Boythorn: That is why there is a convergence between the changes that can be provoked by art and the direct changes that can be caused by a surgeon.
Ralph: A Humanist postion on Art is like a humanist position on choclate vs. vanilla.
Doc: Pissing off (or pissing on) your customers gets their attention, and they never forget you, but it's not the best approach....
Torin: I dont think there needs to be a humaist position on 'art', but how can one see and experience art as part of ones humanism.
Daya: I like the theme the Ralph has been developing here -- is it necessary for there to be a humanist perspective on every human activity?
Crasuss: I think the very notion of humanism is essentially art in and of itself.
Sees: I'm still not sure that your definition is on the right track. I think that to qualify art needs to be able to speak to more than a single person.
Ralph: I think that Humanists should feel free to disagree about every aspect of art.
Torin: its the left side of the brain that kurtz says humanists dont engage with enough, or have the reputation of not engaging with enough
Crasuss: I think "humanism" should be very careful, because if I understand correctly, humanism is essentially a "live and let live" philosophy, am I wrong?
Boythorn: Art seems very useful as a tool for humanism but I take issue with Kurtz's notion that it should be used to inspire. Inspire is the wrong word. Educate and enlighten would be better.
Torin: yes temple. kurtz makes the explicit point about Leni Reifenstahl (sp?) and her films. beautiful propaganda. Again back to an emotional response.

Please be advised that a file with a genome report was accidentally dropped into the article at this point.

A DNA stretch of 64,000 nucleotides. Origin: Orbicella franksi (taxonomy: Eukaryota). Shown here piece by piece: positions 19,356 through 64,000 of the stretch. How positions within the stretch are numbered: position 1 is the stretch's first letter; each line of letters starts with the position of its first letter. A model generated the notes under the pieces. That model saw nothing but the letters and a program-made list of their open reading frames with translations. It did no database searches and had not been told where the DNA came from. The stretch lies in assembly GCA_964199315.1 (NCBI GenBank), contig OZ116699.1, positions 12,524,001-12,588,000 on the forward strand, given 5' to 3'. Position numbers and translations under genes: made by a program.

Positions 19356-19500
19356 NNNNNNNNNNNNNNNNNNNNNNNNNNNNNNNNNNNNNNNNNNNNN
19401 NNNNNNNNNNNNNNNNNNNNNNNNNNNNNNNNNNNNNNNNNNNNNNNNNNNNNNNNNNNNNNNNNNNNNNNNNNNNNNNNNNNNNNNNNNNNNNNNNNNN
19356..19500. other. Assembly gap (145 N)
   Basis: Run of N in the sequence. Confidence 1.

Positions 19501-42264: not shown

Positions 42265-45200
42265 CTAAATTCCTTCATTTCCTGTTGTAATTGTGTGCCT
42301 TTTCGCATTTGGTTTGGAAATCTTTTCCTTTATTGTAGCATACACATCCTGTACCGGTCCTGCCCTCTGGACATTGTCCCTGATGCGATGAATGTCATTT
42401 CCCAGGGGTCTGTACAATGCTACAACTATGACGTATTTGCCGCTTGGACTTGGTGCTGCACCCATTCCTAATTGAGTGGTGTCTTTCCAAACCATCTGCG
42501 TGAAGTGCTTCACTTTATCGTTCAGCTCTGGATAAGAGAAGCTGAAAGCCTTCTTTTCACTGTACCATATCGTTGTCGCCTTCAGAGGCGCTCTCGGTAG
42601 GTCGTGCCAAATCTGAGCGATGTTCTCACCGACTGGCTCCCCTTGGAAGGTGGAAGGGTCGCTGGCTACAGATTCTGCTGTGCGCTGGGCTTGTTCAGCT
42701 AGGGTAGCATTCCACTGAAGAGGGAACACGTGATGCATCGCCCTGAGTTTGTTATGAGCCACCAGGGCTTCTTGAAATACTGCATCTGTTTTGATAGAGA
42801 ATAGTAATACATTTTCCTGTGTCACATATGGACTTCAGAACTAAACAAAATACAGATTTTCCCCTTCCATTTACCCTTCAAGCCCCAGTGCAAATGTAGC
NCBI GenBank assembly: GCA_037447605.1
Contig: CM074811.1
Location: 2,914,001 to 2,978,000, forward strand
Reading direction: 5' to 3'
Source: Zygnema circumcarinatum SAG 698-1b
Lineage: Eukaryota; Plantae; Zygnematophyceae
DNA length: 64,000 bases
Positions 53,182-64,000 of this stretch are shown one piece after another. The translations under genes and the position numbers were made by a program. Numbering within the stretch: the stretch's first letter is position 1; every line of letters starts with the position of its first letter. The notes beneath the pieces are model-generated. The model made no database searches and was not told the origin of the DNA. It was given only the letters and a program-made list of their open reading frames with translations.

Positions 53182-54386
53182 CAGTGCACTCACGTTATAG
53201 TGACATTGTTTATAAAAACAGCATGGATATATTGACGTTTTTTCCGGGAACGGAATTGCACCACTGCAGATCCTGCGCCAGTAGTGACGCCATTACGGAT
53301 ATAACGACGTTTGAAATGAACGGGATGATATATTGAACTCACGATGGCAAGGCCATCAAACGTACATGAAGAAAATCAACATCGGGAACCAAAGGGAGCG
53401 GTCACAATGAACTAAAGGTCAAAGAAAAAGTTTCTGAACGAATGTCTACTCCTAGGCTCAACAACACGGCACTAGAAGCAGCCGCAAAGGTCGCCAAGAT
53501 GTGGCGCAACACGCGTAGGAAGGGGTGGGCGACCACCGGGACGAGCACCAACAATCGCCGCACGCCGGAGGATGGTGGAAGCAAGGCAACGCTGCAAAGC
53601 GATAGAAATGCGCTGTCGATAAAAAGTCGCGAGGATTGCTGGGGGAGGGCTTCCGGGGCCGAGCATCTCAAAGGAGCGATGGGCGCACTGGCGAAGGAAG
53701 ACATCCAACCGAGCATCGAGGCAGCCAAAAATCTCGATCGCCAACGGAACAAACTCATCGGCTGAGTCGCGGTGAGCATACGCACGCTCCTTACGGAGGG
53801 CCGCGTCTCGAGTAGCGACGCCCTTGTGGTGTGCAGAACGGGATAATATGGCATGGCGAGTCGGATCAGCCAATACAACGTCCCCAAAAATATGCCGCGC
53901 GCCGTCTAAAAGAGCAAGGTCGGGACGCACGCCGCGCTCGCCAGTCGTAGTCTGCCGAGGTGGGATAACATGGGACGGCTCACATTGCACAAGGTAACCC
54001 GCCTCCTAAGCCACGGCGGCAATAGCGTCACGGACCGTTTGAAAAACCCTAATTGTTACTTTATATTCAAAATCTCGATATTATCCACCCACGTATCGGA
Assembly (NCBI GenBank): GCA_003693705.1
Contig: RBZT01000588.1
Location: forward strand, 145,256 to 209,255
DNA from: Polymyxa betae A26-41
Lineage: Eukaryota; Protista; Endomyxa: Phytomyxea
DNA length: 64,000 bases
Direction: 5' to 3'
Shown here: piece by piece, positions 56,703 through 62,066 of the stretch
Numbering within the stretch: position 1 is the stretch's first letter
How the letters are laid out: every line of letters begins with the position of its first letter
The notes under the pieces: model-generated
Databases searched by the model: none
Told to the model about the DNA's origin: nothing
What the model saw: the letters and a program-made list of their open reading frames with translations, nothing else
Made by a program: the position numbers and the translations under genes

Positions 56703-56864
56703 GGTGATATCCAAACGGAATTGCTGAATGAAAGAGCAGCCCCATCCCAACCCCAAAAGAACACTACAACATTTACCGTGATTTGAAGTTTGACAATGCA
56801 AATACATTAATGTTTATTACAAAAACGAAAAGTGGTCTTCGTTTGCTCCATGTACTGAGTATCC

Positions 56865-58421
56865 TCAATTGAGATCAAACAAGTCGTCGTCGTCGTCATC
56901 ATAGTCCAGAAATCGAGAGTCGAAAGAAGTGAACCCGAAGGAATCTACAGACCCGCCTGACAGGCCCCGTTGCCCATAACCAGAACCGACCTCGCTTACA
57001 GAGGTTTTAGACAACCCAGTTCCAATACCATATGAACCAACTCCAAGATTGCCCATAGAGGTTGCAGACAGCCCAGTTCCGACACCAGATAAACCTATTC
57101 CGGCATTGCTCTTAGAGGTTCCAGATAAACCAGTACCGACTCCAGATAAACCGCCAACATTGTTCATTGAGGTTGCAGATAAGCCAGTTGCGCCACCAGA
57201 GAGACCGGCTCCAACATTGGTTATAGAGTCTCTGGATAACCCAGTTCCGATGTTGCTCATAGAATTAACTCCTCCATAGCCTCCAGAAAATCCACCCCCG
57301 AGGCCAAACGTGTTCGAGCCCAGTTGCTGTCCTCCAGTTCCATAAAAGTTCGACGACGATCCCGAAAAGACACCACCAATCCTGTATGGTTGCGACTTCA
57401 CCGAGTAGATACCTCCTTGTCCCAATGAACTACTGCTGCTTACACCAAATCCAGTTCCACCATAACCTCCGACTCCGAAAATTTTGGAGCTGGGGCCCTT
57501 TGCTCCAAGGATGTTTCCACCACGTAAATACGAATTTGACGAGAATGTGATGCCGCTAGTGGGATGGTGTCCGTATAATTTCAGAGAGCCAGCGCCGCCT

Doc: Was Soviet realism under Stalin art?
Torin: to some i'm sure Doc. maybe not to those living in it.
Zen: anyone up for a nude chocolate darwin?
Crasuss: I think the reason why it's so hard to define art is because it does not want to be found. The only time art is revealed is for that brief moment before it realizes it's been seen, then vanishes into obscurity. Art does not WANT to be seen. Art is the antithesis of conformity, and humans demand conformity to survive as part of our natural instincts. We demand order.
Ralph: What about Roman Catholic "art" Were those pictures and statues art?
Sees: I was thinking the same about Gothic Cathedrals. Spires reaching to the heavens, men small in the giant naves.
Crasuss: A statue is a statue. Whether that statue is art or not depends on what the perception of the person looking at it determines it to be.
Plurabelle whispers: My humanist logo sculpture is not art...
Crasuss: Yes, my back hurts. And I'm hungry.
Torin: these benches are not the most comforrtable
Sahara: actually I'm sleepy, very late my side ...
Mo: Art is also manipulative, at times.
Torin: yes mo
Torin, our good godfather, always has the meeting minutes posted to the group an hour or so after the meeting. If a member you can get the whole minutes from a notecard giver in ROMA Humanist Garden.
Freethinkers of all kinds are welcome to our group!